There's been an interesting dispute playing out over the last few weeks about science reporting. Here's a summary, but I'll give one as well: it all got started with David Kroll, aka "Abel Pharmboy" of the Terra Sigillata blog (and another, Take as Directed). On that latter site, he'd written about science articles in the popular press, and the line between having a scientist fact-check a piece about their work, and giving that same scientist editorial power.
Ananyo Bhattacharya, editor of Nature, then wrote a column in the Guardian on the topic, where he warned that there was indeed a line that could be crossed:
". . .It's a trap I've fallen into in the past. Either a scientist you have talked to insists on checking the final version of the story with the threat of "withdrawing" their contribution to your piece (it feels churlish to point out that they have already agreed to speak to you on the record) or, an hour or two before deadline you're struck by a creeping fear that somewhere, something is dreadfully wrong and so you call on one or more of your friendly sources to read it over. . .Part of the problem is that many scientists interpret the journalist's request that they "check the facts and your quotes only please" rather loosely. Some are under the impression that because their lab carried out the work being reported, they have some sort of ownership of the subsequent coverage. This is not the case."
But then the Guardian ran a strongly dissenting view from three neuroscientists from Cardiff University. Their take was that peer review is the secret sauce, and that accuracy is the greater good:
Science is different for four reasons, one categorical, three of degree. The categorical difference is the process of peer review. Every research article in a reputable scientific journal has been through a process in which between two and five independent experts (normally anonymous) have made extensive comments. . .
Overall, since press credibility relies on both accuracy and independence, and since the question of allowing sources to check articles (or parts of them) raises a tension between these pillars, the burning question is: where should the balance be struck?
We believe that public trust in science, and in science reporting, is harmed far more by inaccuracy than by non-independence. Contrary to Bhattacharya's claim that "the reader is not a scientist's first concern," public understanding is our overriding concern when communicating with journalists.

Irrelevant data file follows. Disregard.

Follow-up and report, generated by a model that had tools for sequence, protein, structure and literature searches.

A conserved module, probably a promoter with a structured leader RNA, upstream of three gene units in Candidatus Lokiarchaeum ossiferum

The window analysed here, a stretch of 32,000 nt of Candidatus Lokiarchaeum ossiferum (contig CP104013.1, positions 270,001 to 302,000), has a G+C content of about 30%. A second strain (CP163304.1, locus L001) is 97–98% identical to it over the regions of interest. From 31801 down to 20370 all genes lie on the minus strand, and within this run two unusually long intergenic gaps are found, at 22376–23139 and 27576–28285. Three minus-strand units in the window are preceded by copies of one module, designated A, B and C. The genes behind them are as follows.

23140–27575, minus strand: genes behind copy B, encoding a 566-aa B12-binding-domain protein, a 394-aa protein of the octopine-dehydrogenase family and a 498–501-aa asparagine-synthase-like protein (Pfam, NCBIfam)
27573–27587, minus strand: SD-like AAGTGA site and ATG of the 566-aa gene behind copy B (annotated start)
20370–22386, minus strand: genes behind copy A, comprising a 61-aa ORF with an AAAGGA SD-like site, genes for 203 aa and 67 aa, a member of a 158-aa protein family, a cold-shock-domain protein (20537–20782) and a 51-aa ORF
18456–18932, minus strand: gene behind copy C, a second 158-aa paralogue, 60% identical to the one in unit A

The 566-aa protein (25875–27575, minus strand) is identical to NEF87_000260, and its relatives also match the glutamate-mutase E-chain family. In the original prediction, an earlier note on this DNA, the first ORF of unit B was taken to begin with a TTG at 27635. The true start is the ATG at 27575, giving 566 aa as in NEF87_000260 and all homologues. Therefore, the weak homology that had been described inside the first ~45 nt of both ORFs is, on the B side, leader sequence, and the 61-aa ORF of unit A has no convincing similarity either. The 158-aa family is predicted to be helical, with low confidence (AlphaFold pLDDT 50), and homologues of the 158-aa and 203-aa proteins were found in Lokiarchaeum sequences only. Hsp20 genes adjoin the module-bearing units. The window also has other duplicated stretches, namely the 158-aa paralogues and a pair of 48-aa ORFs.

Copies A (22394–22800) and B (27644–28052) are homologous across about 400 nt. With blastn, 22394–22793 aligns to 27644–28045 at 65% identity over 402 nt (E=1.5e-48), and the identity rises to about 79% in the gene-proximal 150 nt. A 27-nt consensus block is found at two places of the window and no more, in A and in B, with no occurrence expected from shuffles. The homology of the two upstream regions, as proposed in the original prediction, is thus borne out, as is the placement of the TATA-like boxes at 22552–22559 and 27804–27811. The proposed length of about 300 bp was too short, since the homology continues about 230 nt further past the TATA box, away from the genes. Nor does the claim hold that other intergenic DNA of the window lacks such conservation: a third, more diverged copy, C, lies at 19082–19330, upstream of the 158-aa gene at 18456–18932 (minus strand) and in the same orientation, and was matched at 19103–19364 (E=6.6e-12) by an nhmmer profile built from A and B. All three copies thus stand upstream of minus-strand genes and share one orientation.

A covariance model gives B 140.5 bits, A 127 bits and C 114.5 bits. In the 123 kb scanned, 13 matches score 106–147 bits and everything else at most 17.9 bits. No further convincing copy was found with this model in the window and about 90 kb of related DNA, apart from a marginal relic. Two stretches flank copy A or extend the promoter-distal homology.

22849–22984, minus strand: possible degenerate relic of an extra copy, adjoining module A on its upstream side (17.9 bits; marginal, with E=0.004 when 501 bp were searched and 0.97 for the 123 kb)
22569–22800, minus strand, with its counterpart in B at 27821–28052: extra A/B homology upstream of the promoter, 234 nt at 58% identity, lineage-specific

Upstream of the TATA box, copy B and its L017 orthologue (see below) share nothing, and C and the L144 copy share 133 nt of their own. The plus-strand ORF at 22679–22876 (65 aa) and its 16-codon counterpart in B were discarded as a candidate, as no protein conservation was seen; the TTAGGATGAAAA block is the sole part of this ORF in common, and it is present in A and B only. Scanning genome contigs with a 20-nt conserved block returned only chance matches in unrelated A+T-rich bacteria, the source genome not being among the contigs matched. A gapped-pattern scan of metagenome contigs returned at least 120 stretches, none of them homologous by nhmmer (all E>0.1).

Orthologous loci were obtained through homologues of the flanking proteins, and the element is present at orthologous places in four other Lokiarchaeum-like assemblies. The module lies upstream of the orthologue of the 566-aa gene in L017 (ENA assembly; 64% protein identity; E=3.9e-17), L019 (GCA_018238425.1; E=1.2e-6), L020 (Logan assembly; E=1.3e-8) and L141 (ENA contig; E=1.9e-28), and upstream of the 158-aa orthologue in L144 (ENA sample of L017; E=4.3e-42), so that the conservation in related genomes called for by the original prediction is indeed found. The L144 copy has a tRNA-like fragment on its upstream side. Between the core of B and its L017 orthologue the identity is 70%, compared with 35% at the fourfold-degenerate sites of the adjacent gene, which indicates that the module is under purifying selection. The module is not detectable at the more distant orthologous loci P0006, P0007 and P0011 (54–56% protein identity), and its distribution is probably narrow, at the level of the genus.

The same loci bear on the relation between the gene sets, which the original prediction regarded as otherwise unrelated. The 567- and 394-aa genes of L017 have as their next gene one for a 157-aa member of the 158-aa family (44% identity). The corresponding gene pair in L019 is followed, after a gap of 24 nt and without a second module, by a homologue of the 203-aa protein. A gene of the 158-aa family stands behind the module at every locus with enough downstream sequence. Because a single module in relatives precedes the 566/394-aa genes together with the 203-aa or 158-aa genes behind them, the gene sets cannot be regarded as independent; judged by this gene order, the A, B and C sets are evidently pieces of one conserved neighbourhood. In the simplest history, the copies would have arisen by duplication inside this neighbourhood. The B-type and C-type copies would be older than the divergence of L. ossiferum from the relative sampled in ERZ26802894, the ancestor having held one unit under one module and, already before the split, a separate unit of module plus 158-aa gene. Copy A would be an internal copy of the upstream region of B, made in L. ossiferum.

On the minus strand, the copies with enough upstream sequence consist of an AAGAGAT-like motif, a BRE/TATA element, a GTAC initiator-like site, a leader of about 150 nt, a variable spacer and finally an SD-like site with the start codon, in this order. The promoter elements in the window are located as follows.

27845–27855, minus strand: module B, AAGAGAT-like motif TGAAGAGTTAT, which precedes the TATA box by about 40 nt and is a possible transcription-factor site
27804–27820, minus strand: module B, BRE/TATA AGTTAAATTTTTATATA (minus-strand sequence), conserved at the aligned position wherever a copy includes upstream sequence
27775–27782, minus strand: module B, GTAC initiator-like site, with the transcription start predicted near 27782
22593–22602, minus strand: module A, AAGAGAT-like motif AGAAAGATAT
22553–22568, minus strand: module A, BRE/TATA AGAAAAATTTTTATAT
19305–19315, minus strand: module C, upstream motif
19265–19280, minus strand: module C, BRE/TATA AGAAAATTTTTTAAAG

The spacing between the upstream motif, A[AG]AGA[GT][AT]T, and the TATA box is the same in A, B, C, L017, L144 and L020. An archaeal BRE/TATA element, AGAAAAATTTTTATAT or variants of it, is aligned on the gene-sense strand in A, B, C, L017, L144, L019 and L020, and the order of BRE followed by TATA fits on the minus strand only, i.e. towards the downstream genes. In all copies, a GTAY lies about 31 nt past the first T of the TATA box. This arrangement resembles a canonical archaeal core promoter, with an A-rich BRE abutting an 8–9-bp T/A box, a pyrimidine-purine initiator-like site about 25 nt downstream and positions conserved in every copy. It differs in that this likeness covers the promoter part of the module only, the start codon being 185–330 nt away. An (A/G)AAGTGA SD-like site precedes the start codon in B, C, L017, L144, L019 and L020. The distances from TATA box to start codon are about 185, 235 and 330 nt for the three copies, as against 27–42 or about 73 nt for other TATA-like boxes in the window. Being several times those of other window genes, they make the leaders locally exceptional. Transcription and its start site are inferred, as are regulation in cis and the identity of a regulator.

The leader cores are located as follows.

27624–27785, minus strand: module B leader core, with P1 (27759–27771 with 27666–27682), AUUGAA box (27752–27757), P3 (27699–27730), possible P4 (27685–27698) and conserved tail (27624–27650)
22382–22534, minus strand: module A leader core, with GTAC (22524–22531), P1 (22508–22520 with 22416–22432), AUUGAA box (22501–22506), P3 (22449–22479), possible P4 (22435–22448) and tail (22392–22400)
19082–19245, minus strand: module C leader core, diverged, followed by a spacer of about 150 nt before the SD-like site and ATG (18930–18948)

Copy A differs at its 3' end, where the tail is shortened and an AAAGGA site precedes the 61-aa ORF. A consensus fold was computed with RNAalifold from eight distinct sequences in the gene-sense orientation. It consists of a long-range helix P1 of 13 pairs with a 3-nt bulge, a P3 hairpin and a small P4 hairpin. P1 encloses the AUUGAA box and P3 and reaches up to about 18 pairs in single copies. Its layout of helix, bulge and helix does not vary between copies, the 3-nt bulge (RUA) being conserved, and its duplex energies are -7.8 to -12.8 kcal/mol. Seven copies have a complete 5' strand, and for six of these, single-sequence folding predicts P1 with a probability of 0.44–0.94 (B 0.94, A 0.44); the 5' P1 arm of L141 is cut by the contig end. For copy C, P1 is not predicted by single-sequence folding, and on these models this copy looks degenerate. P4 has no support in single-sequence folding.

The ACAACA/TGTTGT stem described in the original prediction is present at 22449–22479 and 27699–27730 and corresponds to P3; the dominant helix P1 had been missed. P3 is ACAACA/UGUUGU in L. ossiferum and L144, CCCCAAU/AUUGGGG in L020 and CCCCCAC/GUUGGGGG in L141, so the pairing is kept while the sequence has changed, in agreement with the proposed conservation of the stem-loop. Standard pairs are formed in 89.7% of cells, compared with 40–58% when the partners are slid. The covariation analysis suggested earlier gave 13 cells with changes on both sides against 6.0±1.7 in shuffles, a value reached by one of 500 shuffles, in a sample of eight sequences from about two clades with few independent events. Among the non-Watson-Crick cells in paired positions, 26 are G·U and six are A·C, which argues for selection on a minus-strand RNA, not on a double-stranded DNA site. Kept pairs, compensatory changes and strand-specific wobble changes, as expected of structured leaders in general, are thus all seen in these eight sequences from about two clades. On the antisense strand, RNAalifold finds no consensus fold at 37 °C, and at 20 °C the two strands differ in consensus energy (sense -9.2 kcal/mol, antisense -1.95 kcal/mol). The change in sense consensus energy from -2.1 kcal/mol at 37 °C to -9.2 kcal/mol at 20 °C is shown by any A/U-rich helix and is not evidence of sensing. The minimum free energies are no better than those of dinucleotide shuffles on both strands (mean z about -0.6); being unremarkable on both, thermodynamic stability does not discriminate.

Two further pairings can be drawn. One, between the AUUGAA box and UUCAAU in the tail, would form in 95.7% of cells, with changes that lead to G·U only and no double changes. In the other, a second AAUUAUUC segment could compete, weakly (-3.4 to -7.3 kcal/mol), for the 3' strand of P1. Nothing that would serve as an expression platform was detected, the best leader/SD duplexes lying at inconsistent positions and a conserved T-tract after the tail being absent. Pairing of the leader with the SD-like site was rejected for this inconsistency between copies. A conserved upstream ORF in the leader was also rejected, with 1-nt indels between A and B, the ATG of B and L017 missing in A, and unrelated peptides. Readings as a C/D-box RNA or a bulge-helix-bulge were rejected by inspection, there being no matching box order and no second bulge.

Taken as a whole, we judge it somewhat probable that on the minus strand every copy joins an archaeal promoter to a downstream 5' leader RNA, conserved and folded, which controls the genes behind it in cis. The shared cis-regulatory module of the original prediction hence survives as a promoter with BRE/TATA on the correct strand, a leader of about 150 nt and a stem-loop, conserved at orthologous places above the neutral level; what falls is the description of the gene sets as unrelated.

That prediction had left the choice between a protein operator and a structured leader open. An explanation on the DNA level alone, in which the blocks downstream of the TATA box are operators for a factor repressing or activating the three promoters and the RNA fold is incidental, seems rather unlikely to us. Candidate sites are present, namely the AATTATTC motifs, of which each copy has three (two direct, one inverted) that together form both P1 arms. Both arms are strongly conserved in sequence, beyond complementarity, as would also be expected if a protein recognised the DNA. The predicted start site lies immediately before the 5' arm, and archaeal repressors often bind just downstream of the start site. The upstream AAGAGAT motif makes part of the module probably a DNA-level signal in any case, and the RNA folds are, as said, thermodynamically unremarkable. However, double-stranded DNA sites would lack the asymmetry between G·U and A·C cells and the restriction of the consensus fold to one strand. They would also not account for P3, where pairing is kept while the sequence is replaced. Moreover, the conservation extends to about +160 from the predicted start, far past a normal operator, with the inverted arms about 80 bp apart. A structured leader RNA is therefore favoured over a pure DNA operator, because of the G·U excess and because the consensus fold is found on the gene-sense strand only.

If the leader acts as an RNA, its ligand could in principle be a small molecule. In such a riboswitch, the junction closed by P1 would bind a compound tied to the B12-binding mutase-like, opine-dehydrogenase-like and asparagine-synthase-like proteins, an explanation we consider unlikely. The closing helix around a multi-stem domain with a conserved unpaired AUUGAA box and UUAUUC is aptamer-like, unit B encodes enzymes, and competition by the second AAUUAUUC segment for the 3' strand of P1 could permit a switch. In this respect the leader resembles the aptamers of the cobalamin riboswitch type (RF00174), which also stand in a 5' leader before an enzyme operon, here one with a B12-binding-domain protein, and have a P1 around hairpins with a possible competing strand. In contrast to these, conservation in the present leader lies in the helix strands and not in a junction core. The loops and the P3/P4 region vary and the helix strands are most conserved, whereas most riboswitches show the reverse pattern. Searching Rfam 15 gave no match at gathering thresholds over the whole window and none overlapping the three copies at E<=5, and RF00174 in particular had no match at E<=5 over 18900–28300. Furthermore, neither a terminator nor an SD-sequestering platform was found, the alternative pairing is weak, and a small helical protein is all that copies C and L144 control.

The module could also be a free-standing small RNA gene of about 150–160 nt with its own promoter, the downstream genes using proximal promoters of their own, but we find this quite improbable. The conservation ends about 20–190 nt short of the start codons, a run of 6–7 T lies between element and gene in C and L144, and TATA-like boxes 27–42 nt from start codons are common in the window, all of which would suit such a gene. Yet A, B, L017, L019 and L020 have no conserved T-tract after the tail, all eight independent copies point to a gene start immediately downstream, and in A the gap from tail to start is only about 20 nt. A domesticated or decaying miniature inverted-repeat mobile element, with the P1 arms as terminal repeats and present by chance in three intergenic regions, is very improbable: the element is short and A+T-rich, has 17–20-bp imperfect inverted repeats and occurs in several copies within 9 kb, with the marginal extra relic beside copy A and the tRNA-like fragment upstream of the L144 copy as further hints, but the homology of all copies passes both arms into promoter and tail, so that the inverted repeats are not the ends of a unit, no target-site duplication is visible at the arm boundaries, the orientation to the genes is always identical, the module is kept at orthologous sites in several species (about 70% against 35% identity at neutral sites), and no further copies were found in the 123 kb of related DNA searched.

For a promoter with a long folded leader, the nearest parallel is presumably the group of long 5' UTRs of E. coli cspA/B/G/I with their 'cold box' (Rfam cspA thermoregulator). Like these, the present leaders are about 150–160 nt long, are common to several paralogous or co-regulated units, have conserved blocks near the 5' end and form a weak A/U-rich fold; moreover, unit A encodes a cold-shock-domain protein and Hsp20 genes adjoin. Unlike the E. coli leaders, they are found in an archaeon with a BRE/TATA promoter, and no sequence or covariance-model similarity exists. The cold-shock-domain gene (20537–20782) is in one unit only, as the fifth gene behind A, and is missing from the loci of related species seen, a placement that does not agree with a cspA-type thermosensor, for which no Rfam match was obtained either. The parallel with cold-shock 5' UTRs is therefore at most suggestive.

As it happens, these very authors had recently been scorched by sensationalized reporting of their work in the British tabloids. Now, I agree that for an accurate picture of any given scientific project, I'd sooner bring in a paleolithic Amazonian shaman for his take before turning to the Sun or the Daily Mail. But I still have to disagree that accuracy is the absolute trump card - I'm willing to accept some moronic misrepresentations in order to keep things more honest, and I think that honesty is best served when things don't run quite so smoothly. We should all keep each other on our toes - the alternative is an invitation to logrolling and groupthink, which can do more harm, in the long run, than sensationalism.
And it should go without saying that the Cardiff researchers' appeal to peer review just doesn't stand up. Five minutes over on Retraction Watch will show you what peer review is capable of letting through. And there are plenty of good scientists who will tell you about what peer review is capable of keeping out of the journals as well. No, it's a very imperfect system. I'm not saying that I can think of a better one at the moment, but appealing to it as if it's one of the glories of civilization is silly. (I see that I'm not alone in reacting this way).
And a bit more than silly - it's arrogant as well. This is what we as scientists have to look out for, the de haut en bas attitude where we come in and explain all the complicated stuff to the peasants. People can detect that, you know, and when they do they get suspicious (and rightly so, at times) that we have something to hide. No, speaking as a scientist, and a blogger, and (mostly on the opinion side) perhaps a journalist as well, I think we're better off with a system where everyone keeps an eye on everyone else. If we get too cozy and consensus-driven, we're going to invite real trouble.